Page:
Sen. Bernie Sanders (D-VT), Chairman of the Senate Budget Committee, on Friday slammed President Joe Biden’s proposed budget, saying he has some “serious concerns.”
Biden, Friday morning, released his budget proposal that outlines his priorities as Congress prepares to start the annual appropriations process later this spring. The budget calls for $1.52 trillion in spending and, if passed, would drastically increase domestic spending on health care, coronavirus-related programs, and other social welfare programs.
Sanders said he has “serious concerns” with Biden’s proposed budget request for $753 billion for “the bloated Pentagon.” He said this is a $12.3 billion increase compared to the last year of the Trump Administration.
Sanders criticized Biden by saying, “at a time when the U.S. already spends more on the military than the next 12 nations combined, it is time for us to take a serious look at the massive cost over-runs, the waste and fraud that currently exists at the Pentagon.”
Sanders also said currently there is a “massive wealth and income inequality.” Furthermore, “tens of millions of Americans continue to recover from the worst economic and public health crisis in modern history.”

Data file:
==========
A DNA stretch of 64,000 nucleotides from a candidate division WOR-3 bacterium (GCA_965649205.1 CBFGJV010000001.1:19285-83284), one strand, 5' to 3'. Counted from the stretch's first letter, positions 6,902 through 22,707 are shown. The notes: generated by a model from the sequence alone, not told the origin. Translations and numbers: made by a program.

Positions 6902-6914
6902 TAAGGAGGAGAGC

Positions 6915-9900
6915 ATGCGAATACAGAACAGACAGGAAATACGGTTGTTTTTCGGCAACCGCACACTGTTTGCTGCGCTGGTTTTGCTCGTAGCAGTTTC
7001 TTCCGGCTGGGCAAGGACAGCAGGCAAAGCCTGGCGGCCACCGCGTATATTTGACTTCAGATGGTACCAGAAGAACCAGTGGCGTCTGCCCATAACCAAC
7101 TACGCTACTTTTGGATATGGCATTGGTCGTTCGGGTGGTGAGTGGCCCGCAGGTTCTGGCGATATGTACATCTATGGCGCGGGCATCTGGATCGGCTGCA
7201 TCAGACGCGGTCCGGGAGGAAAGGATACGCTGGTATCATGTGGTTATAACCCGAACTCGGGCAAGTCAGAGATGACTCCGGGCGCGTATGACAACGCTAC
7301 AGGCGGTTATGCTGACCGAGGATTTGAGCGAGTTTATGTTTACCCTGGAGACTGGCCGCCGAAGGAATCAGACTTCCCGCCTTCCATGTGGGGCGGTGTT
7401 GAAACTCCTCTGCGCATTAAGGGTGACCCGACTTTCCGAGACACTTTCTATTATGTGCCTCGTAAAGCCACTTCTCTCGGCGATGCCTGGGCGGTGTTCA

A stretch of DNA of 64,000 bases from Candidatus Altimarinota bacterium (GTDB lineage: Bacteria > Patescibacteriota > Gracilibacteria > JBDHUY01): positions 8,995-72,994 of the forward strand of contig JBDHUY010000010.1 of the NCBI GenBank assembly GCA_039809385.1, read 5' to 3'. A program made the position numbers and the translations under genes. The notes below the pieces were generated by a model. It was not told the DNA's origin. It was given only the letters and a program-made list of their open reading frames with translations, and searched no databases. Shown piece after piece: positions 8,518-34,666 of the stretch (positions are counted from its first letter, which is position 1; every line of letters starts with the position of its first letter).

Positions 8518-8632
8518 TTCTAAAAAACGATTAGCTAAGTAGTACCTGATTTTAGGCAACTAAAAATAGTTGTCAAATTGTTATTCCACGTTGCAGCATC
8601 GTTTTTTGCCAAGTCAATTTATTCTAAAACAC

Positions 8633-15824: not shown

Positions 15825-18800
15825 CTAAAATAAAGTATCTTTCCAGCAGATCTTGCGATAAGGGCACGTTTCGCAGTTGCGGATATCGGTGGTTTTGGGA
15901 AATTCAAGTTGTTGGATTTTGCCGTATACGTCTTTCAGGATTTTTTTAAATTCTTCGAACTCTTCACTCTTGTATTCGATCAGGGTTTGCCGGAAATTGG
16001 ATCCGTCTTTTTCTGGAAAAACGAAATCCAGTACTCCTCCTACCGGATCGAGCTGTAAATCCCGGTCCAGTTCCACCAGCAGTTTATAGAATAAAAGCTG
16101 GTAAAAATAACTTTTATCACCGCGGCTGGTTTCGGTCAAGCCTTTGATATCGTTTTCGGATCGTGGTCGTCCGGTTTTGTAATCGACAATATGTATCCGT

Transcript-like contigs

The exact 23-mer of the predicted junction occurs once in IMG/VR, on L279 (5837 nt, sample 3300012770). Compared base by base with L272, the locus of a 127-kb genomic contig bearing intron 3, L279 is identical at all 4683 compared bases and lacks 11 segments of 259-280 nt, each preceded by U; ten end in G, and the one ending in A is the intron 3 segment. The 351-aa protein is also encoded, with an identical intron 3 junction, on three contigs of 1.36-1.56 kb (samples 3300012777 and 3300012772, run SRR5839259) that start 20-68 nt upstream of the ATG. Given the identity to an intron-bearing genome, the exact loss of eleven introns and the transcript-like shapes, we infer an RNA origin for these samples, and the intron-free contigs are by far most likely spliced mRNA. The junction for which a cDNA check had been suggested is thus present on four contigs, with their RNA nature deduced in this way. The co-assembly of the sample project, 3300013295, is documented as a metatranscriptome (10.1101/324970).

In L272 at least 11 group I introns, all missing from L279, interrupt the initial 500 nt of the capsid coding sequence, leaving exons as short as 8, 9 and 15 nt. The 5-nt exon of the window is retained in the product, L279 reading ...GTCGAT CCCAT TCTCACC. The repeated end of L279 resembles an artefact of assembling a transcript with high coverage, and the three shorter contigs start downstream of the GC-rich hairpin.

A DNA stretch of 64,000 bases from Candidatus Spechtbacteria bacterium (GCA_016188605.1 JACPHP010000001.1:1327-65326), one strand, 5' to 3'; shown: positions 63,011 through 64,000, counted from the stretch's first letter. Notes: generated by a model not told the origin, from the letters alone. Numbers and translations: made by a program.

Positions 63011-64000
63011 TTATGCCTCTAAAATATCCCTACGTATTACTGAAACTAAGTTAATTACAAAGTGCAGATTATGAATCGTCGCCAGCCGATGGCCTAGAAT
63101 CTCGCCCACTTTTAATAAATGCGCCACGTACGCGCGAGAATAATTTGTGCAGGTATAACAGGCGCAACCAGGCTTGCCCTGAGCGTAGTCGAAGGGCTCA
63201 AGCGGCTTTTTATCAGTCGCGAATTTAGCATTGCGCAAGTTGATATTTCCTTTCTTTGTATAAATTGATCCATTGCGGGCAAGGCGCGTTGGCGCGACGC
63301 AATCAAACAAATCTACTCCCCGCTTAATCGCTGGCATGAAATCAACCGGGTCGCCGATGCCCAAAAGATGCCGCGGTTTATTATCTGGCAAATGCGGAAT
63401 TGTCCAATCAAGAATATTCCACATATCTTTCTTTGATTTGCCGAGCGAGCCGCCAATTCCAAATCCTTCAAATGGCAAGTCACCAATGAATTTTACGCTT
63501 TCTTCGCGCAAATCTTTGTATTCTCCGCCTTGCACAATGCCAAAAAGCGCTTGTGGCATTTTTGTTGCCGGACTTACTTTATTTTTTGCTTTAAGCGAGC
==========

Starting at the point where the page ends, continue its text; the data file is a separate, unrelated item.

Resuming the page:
The Senator said, “Biden has presented a discretionary budget that begins to address the urgent unmet needs of working families, the elderly class, the children, the sick and poor.”
Sanders noted Biden also included a “substantial increase in funding for education, affordable housing, health care, environmental protection and the needs of our veterans.”
Currently, Sanders’ words carry extra weight, as he is now the Chairman of the Senate Budget Committee since the Democrats took control of the Senate, and a progressive caucus member. He said, “I look forward to carefully reviewing the President’s request and working with my colleagues to write a budget that works for all of our people, not just the wealthy and well-connected.”
On Friday, another progressive caucus member, Rep. Ro Khanna (D-CA), said Biden’s budget proposal fails to return to the Obama-era defense spending levels. The budget would provide a 1.7 percent boost to military spending.